How did you develop (or transfer) the skills you needed for your new role?
I took a formal training course to become a hypnotherapist.
However, there are some transferable skills from my old career that are helping me now I'm running my own business.
For example, I'm able to write business plans, produce spreadsheets to manage my finances, produce documents, and I'd previously done self-assessments for tax, so setting up as a sole trader was quite straightforward.
What didn't go well? What wrong turns did you take?
Five years ago I tried to take a career break, but I wasn't quite prepared and talked myself out of it through fear.
I know now that I wasn't quite ready, but also learned from that experience that I needed to be better prepared financially, and emotionally.
I would also say that I didn't really make a long-term plan (mainly because I needed the time out from work to think) – I'd only thought as far as going to retrain. I hadn't fully visualised what that would look like as an income / business.
So when I did decide to start my own practice, I had another learning curve.
How did you handle your finances to make your shift possible?
I'm fortunate that I have a financial adviser, and as a result of years of savings (and extra money saved during the pandemic) I was able to live off my investments for a short while.
I had to be realistic about my living costs and what I could / couldn't afford to do. And I had to be careful to budget in for things like my washing machine breaking when I least expected it.
What was the most difficult thing about changing?
Probably addressing my own mindset and habits.
I've done the same things in the same way for so many years; I've had to repeatedly remind myself that those constraints are not there any more.
So, for example, I'm slowly realising that the only factor influencing how I structure my day is me – there's no set train to catch or time to arrive at the office. I meet clients at times mutually agreed and when I complete a session I don't have to report back to a boss how it went.
Fully embracing and making the most of the freedom I have is a game changer, but it's also a real shift that has taken time to adjust to.
What help did you get?
I spoke to trusted friends and family members for support as well as to people who had been through a similar process.
One particular friend who'd also left construction was really helpful.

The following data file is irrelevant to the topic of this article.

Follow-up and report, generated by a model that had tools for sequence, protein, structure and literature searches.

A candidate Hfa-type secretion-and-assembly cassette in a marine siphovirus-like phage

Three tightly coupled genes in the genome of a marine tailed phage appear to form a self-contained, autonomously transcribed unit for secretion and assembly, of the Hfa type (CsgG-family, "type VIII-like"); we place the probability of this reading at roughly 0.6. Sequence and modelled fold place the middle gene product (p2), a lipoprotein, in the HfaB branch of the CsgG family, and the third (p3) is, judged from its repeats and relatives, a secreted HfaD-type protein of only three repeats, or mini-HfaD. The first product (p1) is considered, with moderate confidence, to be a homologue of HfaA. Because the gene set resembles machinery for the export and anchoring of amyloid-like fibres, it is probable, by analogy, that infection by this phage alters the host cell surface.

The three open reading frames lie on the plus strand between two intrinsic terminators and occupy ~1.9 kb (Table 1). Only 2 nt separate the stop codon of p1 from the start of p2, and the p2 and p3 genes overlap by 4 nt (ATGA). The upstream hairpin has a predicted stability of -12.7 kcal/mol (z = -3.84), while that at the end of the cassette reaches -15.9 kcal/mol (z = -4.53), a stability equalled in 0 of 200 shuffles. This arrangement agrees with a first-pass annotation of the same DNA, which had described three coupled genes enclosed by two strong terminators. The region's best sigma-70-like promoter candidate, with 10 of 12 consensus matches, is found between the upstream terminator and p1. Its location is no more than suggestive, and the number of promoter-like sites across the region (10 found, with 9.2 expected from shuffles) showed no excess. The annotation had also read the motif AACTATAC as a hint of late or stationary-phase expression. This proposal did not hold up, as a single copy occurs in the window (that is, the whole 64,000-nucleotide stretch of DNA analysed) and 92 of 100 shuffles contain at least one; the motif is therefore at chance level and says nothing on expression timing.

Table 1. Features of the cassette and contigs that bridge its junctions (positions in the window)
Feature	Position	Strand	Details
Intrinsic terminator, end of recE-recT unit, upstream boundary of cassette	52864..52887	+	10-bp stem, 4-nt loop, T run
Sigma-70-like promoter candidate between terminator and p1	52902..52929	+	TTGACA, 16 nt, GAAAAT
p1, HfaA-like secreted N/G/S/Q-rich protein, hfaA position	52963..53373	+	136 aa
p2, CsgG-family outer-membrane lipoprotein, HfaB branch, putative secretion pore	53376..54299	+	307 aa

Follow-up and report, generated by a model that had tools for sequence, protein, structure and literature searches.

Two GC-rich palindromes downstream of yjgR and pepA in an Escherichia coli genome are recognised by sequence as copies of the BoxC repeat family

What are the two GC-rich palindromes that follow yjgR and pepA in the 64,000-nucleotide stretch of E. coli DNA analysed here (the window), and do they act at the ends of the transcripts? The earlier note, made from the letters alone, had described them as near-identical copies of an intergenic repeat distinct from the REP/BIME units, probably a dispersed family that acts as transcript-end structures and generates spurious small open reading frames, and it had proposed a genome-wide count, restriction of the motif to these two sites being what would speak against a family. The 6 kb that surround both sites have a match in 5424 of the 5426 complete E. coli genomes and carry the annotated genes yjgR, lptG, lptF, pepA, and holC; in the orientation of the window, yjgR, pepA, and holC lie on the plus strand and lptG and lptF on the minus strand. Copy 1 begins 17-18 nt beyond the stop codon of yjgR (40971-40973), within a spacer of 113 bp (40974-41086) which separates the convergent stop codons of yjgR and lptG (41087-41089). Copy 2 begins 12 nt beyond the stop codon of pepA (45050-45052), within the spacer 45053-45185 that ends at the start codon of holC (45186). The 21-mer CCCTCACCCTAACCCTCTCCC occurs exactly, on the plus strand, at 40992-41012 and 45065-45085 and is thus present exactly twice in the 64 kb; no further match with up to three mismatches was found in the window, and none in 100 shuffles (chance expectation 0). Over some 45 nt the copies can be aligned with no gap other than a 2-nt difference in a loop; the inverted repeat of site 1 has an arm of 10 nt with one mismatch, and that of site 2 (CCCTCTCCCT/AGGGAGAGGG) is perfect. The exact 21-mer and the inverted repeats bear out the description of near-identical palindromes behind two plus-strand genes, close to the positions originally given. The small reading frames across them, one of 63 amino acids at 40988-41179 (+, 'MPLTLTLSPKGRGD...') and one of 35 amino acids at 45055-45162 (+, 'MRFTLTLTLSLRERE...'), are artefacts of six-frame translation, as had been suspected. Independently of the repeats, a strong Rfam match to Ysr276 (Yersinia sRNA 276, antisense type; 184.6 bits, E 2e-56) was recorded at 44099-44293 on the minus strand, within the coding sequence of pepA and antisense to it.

I joined new networks, specifically one for female business owners, so that I could start to connect with others in my shoes.
Finally, I also drew on the support and expertise of people like my financial advisor to make the practical side of things work.
What resources would you recommend to others?
Marisa Peer's work on finding your purpose.
I watched a number of Ted Talks – tune in and see what words or concepts make your ears prick up.
If you're curious about something – a particular topic or field – just look into it a bit more. You'll rule a lot of stuff out but you'll also find what resonates and that's where you can really start to lock in on what’s calling you.
What have you learnt in the process?
I've learnt a lot about myself!
I was spending a lot of time doing things that I thought I 'should' or 'ought' to do, not what I actually wanted to do. In people pleasing I'd lost bit of my own self-worth.
As I've started working for myself I'm realising how capable I am, and actually that I'm quite resilient.
The most powerful thing I've learnt is to trust my instincts. Every single decision I've made that's been right has felt crystal clear; I'm tuning into that a lot, giving myself time to think and make decisions with a focus and clarity that I didn't have before.
What would you advise others to do in the same situation?
Take your time – these aren't overnight decisions.
Give yourself some time, whether that's having a break like I did, or an hour a week to think about what you want: anything you can do to focus on your wants / needs will help.
Prepare yourself for the opinions! When you make a big change to your career or life generally, everyone – and I mean everyone – will give you their opinion on it and tell you what you ought to do.
Chances are (because its human nature) they won't be able to separate their opinions from their own hang ups. So you have to be prepared for that and not let it in fully.